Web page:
In a move that could hit Indians, the UK government on Tuesday announced that international students will no longer be able to bring family members with them except under specific circumstances.
The new changes to the student visa route will not apply to international students on post-graduate research routes such as PhDs and will come into effect starting January next year, according to the Home Office.
The restrictions will also ban people from using a student visa as a backdoor route to work in the UK, thus cutting net migration while protecting the economic benefits students bring to the UK.
“We have seen an unprecedented rise in the number of student dependents being brought into the country with visas. It is time for us to tighten up this route to ensure we can cut migration numbers and meet the government’s pledge to the British people to cut net migration,” Home Secretary Suella Braverman said.
“This is the fair thing to do to allow us to better protect our public services, while supporting the economy by allowing the students who contribute the most to keep coming here,” she added.
The move comes after an Office for National Statistics data, due to be out later this week, is expected to show that net migration was over 500,000 from June 2021 to June 2022.
Last year almost half a million student visas were issued while the number of dependents of overseas students has increased by 750 per cent since 2019, to 136,000 people.
According to Home Office estimates, there has been an eightfold increase in the number of visas granted to dependents of international students, rising from 16,000 to 136,000 in 2019.
Further, to prevent misuse of the visa system, overseas students will be stopped from switching from the student visa route into work routes until their studies have been completed.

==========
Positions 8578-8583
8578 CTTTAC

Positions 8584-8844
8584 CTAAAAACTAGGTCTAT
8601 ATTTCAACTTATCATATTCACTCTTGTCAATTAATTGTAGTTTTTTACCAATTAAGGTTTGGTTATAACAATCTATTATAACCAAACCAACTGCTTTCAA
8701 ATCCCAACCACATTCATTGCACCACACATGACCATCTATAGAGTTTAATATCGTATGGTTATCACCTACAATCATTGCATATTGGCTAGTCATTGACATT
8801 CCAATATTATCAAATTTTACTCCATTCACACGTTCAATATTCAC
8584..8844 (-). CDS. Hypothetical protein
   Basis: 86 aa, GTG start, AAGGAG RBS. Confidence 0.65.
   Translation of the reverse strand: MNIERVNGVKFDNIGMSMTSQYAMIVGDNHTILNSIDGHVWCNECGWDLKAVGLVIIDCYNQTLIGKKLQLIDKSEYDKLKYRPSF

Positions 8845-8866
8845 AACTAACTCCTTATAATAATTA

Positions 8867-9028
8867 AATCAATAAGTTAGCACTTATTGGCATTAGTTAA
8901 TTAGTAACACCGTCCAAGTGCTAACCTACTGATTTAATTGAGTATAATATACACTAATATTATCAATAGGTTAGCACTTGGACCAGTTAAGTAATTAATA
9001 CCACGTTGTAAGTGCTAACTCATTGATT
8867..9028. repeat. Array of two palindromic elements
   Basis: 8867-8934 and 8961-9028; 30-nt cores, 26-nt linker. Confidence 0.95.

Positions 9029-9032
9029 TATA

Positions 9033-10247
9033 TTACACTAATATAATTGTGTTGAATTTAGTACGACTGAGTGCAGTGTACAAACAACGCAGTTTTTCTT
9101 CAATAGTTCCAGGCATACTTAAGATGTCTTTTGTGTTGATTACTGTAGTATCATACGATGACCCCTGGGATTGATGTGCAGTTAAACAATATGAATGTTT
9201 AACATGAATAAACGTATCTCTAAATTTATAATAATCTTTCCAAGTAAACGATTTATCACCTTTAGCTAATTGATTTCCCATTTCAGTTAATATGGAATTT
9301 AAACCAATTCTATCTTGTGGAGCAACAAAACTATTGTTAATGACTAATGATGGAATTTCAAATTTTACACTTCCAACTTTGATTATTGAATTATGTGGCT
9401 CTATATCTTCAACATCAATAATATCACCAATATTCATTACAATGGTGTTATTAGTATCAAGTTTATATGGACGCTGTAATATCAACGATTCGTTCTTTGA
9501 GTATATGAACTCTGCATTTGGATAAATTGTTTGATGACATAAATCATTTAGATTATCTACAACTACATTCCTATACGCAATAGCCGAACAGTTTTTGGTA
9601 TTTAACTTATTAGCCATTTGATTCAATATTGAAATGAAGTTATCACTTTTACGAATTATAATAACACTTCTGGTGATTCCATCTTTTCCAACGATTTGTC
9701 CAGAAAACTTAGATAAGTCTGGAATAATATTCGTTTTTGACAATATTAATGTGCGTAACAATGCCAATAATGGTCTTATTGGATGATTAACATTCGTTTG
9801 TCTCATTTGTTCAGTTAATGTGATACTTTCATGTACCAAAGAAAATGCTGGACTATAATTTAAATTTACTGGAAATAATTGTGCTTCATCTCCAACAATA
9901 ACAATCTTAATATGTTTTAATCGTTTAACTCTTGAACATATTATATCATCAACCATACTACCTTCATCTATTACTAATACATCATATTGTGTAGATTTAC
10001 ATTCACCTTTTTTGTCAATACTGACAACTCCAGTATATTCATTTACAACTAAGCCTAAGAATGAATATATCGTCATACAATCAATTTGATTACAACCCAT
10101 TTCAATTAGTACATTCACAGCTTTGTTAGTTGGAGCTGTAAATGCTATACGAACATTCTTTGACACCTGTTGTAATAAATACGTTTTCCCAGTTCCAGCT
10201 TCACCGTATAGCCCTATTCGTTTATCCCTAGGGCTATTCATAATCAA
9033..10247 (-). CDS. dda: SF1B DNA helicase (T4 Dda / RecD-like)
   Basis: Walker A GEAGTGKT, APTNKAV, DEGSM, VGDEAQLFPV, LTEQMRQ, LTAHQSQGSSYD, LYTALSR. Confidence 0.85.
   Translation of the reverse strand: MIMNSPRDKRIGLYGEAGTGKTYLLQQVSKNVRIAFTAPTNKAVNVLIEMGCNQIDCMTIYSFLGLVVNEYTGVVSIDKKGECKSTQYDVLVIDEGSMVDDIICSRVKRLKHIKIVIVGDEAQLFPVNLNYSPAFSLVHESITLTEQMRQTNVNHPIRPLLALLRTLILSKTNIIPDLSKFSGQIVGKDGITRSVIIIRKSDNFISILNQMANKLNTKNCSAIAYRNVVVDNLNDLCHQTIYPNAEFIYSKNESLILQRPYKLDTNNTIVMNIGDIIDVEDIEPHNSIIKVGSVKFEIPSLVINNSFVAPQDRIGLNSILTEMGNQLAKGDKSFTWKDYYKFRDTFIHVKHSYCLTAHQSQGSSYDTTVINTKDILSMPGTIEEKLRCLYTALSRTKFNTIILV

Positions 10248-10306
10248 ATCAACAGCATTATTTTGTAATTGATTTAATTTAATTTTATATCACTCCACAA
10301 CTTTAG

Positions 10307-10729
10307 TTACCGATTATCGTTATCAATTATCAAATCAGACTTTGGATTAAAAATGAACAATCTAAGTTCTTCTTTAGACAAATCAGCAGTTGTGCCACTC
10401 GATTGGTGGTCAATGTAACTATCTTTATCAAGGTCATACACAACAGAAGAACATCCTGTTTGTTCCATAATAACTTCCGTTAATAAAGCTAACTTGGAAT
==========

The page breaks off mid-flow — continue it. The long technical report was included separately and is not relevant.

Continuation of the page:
The government will also clamp down on unscrupulous international student agents who may be supporting inappropriate applications.
International students, including Indians, contribute nearly 10 times more to the UK economy than they take out, according to a report by UK higher education institutions.
As per the 2020-21 data, Indians represent the second largest cohort of international students coming to study at UK universities — with 87,045 first-year enrolments behind China’s 99,965 enrolments and ahead of Nigeria’s 32,945.
“Attracting the top students from around the world isn’t just good for our universities — it’s essential for our economy and building vital global relationships,” Education Secretary Gillian Keegan said. However, she added that the number of family members being brought to the UK by students has risen significantly.
The Home Office added that the changes to the student visa route do not detract from the success of the government’s International Education Strategy, including meeting the target to host 600,000 international higher education students studying in the UK each year by 2030.